It’s the holidays and as you shop for the season, you’re probably looking for purchases that are environmentally friendly, socially responsible, and sustainable. Fortunately, there are great companies out there that realize energy savings, water-use reductions, and carbon emissions reductions and are intentional and mindful of supply chain, and local and global community benefit. Unfortunately, there are also a lot of companies out there that are manipulating the market demand for do-good products and engaging in “greenwashing.” Greenwashing is a common marketing ploy that uses attractive buzzwords like “natural,” “eco-friendly,” and “sustainable” on products and practices that don’t align with earth-friendly claims in order to increase sales.
To ring out your 2022 positive impact, here’s 5 quick and easy tips for how to spot and avoid greenwashing while you shop:
1) First glance- check out the packaging.
Packaging from goods and food makes up 28% of municipal trash in the US annually, which amounts to approximately 82.2 million tons of packaging waste. Minimal packaging made from recycled and compostable materials is a huge signal that a company’s eco-friendly claims are legit. Alternatively, if an item claiming to be eco-friendly comes in a large plastic container with Styrofoam padding, it’s very unlikely that the manufacturer has much integrity behind any eco-friendly claims.
2) Look for vague claims and “fluffy” words.
The use of words such as “natural” hold no accountability or standard of being environmentally friendly or socially responsible. The Federal Trade Commission or FTC rarely intervenes with dishonest claims, especially those that are vague. Something “naturally-inspired” or “natural” can still be toxic and harmful to you, the environment, and local communities where it is manufactured. Look for specific and tangible wording that supports the company’s product, processes, and practices.
3) Is the product built to last or destined for the landfill?
Truly sustainable companies design and build products to last because they operate from the foundation that sustainability ultimately means that people consume less. It is estimated that the average American throws away 81 lbs of clothing every year. Both the consuming-driven marketing of “must have new” and the poorly made goods of fast fashion contribute to this huge consumption and disposal of clothes and other cheap goods, as well as the wastefulness of resources used to make them. Look for companies that make durable and long-lasting goods, and those who go above and beyond. Check out our Recover Closed Loop program, where our goods can be recycled at the end of their life.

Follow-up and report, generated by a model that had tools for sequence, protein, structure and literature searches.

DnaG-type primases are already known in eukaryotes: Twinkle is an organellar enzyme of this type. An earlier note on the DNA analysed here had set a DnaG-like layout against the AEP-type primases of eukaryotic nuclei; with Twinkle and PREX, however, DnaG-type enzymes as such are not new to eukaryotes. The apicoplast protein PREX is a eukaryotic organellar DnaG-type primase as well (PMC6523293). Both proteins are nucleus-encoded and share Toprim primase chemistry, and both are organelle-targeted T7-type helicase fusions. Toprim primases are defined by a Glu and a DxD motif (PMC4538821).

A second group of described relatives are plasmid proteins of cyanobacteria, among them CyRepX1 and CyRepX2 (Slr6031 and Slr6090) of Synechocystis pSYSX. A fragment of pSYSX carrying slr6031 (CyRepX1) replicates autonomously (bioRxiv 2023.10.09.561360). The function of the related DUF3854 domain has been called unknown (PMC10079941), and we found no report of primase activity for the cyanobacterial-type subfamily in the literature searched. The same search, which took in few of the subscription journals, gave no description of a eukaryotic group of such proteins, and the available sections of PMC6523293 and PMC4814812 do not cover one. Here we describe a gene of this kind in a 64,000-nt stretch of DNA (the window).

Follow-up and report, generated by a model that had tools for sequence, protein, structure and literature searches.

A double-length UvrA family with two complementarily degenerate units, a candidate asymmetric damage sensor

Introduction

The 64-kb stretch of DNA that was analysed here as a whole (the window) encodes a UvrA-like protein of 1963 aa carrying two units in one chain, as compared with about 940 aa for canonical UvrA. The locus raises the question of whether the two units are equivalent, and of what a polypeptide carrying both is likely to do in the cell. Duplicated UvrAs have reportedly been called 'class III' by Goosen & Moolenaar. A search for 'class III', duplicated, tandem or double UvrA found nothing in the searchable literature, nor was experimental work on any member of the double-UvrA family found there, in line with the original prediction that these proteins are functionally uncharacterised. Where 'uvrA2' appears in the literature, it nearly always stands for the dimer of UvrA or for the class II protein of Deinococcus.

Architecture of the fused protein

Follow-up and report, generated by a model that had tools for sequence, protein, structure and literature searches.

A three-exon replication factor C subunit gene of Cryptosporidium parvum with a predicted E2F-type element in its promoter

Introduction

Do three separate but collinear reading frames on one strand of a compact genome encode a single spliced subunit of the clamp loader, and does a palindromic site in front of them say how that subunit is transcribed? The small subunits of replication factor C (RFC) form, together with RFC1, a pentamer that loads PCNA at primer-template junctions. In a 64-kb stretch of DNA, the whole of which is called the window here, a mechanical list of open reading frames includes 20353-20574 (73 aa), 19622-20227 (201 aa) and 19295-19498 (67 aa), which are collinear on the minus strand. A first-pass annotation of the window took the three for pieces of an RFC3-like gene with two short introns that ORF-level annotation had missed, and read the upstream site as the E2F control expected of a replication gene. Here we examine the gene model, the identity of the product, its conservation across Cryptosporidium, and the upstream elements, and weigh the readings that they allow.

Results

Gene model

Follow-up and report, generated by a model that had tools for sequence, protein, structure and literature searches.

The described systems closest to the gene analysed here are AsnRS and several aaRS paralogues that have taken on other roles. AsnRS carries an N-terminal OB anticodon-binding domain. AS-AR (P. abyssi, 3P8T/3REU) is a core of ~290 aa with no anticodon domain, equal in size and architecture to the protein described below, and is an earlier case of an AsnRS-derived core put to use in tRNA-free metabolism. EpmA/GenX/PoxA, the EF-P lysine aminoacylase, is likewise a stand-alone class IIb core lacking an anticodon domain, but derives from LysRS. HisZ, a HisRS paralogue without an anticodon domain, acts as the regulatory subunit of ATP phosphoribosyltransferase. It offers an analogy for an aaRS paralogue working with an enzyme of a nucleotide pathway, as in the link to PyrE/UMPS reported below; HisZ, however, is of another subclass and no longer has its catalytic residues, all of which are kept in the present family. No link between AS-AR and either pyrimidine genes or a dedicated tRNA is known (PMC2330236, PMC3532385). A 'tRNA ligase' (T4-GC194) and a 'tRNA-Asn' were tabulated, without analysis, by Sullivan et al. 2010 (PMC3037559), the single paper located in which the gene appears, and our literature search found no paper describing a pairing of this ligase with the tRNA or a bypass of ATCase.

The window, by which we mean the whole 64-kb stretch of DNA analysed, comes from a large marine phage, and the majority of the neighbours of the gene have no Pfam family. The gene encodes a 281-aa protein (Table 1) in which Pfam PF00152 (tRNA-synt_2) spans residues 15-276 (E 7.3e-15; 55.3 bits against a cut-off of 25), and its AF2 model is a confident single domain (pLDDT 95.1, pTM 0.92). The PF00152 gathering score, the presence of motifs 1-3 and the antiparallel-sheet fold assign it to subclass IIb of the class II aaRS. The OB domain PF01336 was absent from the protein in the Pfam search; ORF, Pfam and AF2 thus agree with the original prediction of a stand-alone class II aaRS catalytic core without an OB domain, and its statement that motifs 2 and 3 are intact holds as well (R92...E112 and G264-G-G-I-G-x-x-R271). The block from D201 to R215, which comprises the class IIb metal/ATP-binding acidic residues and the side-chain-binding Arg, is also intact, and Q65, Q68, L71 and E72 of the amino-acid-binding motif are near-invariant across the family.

4) Don’t be fooled by the look.
Some greenwashing may use visual cues that, upon a glance, imitate sustainability. For example, a “natural” shampoo in a green bottle with bamboo illustrated on it may cue us visually that this is a truly sustainable product that supports the environment, but really all it may be is exactly that- a green bottle, most likely plastic, with a bamboo design on it. To make sure you’re getting what you think you’re getting, read about products and ingredients to cross-check any visual design.
5) Check for third-party certification.
Even a product that is actually “natural” can still be sourced and/ or produced in ways that are harmful to the environment. Well-known third-party certifications, such as Global Recycled Standard (GRS), USDA Organic certification, B Corp, and Fair Trade require that companies undergo a rigorous assessment of materials and processes and ensure that sustainability claims are real; however, beware of non-US based certification for organic and other eco-friendly criteria because some certifications are not as rigorous or accountable. Also, look for 1% For The Planet membership, which indicates that the company is committed to donating 1% of its annual sales to environmental nonprofits.